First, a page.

Introduction: Great Big Garden Bed for Growing Giant Carrots
Spring is here and it is time to start planting the garden. A few months ago, a favorite seed store advertised that this year they are selling seeds for giant carrots. These things can apparently get up to 3 feet long: what fun! So, I bought the seeds. Of course, the problem with carrots that can get 3 feet long, is that you need a place to grow carrots that are 3 feet long. While I like to think the soil in my garden is pretty good at this point, I certainly do not have 3 feet of loose, fertile soil. So that is the purpose of this project: to build a garden bed that can hold giant carrots and encourage them to grow!
Scrap Wood (24 2 1/2 ft 1"x4" sections and 4 2 1/2ft 2" X 2" sections)
Screws (1.5" - 2" screws will be ideal)
Step 1: Determine How Big You Want Your Raised Bed
These carrots can reach sizes up to three feet long. The company that sells them says they use a 4ft deep raised bed to grow them, so if you are going for perfect, you probably should too. For my purposes, I did not want to fill a 4 foot deep raised bed, and I am more than excited if I get a 2 foot long carrot, so I built a roughly 2 and half foot tall bed. If however, you want to build an even bigger raised bed, you can follow the same steps here, but just increase the length of your corner posts and the number of boards on each side.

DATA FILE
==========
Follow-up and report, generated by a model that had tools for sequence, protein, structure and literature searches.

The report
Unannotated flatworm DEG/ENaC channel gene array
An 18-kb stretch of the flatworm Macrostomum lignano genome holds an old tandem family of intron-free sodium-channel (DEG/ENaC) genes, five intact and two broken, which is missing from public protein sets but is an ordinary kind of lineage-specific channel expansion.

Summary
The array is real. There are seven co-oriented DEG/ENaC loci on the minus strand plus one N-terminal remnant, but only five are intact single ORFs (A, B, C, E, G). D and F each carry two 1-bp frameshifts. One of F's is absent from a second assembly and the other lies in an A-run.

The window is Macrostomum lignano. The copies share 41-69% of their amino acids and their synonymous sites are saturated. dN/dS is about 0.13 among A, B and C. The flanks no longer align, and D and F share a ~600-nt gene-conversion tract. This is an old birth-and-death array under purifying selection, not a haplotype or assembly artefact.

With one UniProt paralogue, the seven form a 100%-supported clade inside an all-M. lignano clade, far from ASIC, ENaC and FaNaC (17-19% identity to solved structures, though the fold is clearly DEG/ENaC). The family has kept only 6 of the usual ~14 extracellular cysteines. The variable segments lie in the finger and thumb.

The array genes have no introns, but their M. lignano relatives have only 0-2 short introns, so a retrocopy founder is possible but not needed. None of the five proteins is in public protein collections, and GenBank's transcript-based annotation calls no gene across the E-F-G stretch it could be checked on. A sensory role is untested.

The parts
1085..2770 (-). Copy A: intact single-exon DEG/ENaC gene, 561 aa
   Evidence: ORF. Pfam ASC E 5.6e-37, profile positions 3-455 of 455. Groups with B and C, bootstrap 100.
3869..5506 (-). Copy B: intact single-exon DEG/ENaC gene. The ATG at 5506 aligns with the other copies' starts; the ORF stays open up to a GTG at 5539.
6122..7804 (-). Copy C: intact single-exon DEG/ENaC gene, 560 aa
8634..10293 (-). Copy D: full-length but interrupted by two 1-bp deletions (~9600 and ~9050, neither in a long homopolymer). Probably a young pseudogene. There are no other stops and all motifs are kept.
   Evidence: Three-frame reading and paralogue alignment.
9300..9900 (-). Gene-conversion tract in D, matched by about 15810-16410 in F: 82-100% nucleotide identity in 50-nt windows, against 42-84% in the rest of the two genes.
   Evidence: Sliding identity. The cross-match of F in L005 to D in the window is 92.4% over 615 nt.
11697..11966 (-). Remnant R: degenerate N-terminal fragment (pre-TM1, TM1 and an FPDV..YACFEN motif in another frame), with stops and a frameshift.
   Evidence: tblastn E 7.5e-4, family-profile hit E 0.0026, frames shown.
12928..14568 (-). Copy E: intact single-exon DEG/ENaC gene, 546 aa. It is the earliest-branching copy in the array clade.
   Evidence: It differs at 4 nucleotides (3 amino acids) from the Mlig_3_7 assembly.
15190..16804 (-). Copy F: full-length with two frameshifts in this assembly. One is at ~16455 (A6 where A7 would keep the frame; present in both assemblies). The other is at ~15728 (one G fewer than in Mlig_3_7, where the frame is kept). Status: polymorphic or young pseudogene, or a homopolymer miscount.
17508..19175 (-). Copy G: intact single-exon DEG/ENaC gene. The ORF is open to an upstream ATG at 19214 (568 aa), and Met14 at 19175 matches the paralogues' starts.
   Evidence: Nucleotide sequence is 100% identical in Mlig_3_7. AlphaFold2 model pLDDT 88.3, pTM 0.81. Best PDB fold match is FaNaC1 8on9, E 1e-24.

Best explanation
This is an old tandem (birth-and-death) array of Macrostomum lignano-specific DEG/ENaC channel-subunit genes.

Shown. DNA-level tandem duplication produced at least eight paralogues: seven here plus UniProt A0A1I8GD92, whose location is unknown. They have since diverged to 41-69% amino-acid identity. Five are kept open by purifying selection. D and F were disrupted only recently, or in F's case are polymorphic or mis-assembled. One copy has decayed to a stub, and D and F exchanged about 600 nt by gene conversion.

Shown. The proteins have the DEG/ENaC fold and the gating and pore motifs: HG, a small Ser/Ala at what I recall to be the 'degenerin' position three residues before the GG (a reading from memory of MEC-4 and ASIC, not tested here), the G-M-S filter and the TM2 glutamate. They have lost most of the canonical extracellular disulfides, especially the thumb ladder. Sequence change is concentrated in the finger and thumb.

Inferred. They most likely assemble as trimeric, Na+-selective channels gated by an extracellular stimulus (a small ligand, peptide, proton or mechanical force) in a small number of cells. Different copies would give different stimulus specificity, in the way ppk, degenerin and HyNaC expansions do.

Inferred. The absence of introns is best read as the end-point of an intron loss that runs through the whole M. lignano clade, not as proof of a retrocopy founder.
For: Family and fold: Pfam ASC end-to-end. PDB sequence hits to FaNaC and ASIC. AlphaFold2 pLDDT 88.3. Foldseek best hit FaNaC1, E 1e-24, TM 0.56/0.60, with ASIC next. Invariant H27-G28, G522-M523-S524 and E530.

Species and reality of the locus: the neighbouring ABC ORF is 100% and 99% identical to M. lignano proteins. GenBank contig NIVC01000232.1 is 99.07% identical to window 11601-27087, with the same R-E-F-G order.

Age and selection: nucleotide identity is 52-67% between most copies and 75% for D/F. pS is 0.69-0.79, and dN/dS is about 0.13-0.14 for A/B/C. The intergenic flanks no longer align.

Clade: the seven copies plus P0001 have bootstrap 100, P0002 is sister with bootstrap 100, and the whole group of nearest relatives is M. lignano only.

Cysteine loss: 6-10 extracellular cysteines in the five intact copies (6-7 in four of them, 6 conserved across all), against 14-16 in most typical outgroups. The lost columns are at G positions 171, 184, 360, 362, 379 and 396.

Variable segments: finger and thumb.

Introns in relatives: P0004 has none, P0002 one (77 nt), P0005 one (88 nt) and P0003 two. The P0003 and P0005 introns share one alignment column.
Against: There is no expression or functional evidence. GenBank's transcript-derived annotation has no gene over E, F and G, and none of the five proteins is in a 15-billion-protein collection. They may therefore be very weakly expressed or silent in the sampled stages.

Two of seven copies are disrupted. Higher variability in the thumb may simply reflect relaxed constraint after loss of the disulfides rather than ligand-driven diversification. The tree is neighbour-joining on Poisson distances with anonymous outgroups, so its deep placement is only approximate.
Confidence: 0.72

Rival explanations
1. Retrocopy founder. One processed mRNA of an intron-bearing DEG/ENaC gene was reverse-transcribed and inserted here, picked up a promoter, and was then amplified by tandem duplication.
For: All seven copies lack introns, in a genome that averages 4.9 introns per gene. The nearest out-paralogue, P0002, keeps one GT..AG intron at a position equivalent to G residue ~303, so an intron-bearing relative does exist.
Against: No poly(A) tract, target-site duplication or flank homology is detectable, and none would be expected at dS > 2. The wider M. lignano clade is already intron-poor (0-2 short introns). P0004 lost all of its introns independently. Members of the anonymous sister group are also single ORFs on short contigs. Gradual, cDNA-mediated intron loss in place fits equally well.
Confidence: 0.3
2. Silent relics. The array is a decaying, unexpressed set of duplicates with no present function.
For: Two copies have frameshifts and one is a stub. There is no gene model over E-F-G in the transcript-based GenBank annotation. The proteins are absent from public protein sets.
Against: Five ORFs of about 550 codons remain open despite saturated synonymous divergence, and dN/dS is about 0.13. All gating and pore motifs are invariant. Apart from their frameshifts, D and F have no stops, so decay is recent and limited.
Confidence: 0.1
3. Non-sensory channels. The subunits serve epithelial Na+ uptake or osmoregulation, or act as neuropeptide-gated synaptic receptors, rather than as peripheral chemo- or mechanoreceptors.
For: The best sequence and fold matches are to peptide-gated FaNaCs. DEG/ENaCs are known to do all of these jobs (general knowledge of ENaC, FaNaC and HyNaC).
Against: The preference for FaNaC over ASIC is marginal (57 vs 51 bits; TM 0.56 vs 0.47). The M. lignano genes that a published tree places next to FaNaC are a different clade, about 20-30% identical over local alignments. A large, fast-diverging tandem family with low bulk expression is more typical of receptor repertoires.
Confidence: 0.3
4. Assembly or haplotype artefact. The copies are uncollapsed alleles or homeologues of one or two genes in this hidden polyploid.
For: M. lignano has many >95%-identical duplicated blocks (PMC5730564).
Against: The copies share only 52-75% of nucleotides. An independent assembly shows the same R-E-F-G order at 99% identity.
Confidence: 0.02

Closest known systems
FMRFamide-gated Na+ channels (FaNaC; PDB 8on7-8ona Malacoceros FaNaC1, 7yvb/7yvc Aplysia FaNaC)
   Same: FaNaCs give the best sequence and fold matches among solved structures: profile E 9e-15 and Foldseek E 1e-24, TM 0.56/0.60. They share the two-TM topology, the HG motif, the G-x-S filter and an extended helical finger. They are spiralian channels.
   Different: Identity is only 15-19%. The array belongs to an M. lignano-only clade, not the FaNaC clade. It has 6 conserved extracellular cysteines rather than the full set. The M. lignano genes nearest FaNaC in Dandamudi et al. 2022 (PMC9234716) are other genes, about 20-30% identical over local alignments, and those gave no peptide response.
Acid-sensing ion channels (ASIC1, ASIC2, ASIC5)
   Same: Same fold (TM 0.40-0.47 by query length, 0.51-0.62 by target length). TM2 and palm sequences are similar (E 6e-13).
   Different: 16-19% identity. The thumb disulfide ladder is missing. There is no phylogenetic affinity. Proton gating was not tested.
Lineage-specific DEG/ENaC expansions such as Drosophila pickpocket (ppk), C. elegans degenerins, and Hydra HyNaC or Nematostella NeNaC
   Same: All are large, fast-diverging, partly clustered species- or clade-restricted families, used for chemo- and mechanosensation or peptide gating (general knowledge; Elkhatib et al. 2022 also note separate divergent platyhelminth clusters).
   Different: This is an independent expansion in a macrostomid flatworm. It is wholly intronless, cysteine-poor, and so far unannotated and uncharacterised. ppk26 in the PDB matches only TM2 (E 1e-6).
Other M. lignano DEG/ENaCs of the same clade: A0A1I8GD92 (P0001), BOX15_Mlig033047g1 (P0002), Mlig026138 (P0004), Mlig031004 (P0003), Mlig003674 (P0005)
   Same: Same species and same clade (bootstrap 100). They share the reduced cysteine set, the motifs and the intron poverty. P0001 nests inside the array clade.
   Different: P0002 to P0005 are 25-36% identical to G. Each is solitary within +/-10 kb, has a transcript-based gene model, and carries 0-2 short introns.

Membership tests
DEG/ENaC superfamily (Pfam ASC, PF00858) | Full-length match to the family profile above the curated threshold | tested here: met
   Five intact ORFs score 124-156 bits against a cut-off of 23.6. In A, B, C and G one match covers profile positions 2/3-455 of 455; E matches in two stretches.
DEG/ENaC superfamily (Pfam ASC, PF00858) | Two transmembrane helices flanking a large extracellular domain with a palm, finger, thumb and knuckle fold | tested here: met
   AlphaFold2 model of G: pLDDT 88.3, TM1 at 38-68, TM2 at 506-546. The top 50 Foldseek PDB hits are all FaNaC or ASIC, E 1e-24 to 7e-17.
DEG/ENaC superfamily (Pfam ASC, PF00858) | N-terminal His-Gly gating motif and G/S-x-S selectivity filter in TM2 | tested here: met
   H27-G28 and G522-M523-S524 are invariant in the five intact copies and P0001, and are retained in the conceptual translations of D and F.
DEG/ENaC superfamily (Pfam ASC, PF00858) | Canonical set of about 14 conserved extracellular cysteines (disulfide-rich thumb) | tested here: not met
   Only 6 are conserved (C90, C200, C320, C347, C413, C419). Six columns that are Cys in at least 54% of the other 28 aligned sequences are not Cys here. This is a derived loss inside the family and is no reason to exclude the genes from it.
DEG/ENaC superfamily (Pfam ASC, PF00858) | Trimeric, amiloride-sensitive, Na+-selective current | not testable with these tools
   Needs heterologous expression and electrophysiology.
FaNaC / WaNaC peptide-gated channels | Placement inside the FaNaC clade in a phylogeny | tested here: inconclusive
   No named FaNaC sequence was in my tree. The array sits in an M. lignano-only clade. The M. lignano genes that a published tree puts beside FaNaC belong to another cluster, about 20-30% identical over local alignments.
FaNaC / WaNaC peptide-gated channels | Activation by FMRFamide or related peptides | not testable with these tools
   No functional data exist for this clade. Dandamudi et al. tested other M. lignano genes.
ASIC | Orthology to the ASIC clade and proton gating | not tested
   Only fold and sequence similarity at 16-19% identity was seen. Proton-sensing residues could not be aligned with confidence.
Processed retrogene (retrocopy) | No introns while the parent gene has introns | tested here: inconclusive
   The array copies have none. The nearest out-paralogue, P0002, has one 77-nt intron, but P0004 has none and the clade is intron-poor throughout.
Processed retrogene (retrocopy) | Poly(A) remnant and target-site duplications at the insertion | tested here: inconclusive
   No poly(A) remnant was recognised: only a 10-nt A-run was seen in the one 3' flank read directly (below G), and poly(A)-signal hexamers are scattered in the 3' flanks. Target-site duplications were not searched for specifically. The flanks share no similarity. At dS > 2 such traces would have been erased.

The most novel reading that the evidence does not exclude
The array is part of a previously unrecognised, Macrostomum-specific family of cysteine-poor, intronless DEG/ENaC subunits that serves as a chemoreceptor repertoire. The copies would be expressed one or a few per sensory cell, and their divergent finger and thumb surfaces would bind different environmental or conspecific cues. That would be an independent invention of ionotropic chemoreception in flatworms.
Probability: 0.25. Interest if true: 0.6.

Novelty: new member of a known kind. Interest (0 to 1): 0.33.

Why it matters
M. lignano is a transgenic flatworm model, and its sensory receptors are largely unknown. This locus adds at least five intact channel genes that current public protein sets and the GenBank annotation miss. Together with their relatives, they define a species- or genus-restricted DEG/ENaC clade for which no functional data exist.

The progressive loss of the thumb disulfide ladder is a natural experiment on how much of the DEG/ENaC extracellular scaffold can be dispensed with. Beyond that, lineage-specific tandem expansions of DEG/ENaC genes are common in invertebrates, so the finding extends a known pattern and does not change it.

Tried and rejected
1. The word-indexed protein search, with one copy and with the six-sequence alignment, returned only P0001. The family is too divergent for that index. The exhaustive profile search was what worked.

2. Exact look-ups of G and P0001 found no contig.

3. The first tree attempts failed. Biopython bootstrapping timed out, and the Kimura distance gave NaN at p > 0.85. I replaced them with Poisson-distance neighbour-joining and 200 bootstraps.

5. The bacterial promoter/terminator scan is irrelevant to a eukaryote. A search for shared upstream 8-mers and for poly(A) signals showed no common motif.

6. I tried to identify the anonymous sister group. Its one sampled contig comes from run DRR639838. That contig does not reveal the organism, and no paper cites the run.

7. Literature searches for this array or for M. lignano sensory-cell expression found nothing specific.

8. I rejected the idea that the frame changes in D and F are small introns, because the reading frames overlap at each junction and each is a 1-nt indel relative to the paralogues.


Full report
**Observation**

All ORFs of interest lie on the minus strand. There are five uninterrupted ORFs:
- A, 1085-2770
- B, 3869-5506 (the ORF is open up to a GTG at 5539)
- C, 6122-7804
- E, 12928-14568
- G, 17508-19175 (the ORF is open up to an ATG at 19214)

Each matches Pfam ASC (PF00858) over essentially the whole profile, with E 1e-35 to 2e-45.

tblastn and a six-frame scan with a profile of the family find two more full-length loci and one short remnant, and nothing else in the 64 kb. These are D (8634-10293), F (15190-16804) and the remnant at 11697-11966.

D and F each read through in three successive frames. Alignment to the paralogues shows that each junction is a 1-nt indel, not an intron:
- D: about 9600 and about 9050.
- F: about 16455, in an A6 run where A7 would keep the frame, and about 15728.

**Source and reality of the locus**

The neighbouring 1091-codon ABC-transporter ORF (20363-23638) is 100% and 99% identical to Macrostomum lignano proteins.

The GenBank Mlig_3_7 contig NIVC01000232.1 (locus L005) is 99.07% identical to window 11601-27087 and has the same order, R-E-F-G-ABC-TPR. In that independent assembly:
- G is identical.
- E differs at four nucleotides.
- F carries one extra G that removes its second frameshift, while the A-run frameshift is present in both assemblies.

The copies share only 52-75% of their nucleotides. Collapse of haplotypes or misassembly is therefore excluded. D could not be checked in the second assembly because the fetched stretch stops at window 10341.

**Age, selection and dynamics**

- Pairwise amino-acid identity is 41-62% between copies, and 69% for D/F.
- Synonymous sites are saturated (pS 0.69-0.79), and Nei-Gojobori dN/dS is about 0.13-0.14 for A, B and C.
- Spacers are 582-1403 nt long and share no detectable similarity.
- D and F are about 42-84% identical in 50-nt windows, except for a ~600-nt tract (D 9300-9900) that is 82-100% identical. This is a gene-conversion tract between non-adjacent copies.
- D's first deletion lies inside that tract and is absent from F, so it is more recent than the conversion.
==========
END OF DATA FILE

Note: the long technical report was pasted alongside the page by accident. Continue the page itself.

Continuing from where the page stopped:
Step 2: Source Your Wood
If you have not noticed, wood prices are out of control. A rapidly expanding housing market, home improvement projects, and limited supply of lumber have driven the price of wood way up. So, rather than getting new wood from the store, consider getting old wood from somewhere else. In my case, I found a posting on Craigslist for old decking that someone was replacing and wanted to have hauled away.
(I will pause for a moment because I know that some of you may be gasping - old deck wood for a food garden? Yes, deck wood was almost certainly pressure treated, and yes this wood also had been painted, so someone who is an organic gardening enthusiast may want to opt for another option. But for my purposes, this wood should do just fine).
Step 3: Cut Your Wood
I cut my 1X4s into 2 1/2 ft sections. I also had obtained some 2" x 2" poles with the decking material, which I cut into 4 separate 2 1/2 ft sections.
Step 4: Screw the Initial Boards Together
The basic design we are going for is four walls of 6 1X4 sections built around 4 corner poles cut from the 2x2 poles. By using the poles, it gives something solid to screw into, allows the cutting on the edges of the boards to be very rough (which is great for scrap would), fortifies the corners, and gives an anchor to go down into the ground.
Start by lining up one edge of a 1"x4" section with one of the 2"x2" sections. Make sure it is flush with the edge of the pole, and that the outside edge of the 2x2 is perfectly perpendicular to it. You are establishing the angle for the whole side with this first board. To be exact, you can use a square to make sure a 90 degree angle is made between the pole and the board. Repeat this with 5 more 1"x4" boards. You will notice that part of the 2"x2" board will still remain uncovered. This is ok, when we flip over the container, it will be something of a foot that we can lower down into the existing soil and help level the garden bed. Now we have aligned one side of the raised bed, let's attach the other 2"X2" to the other side.
Step 5: Build the Next 2 Sides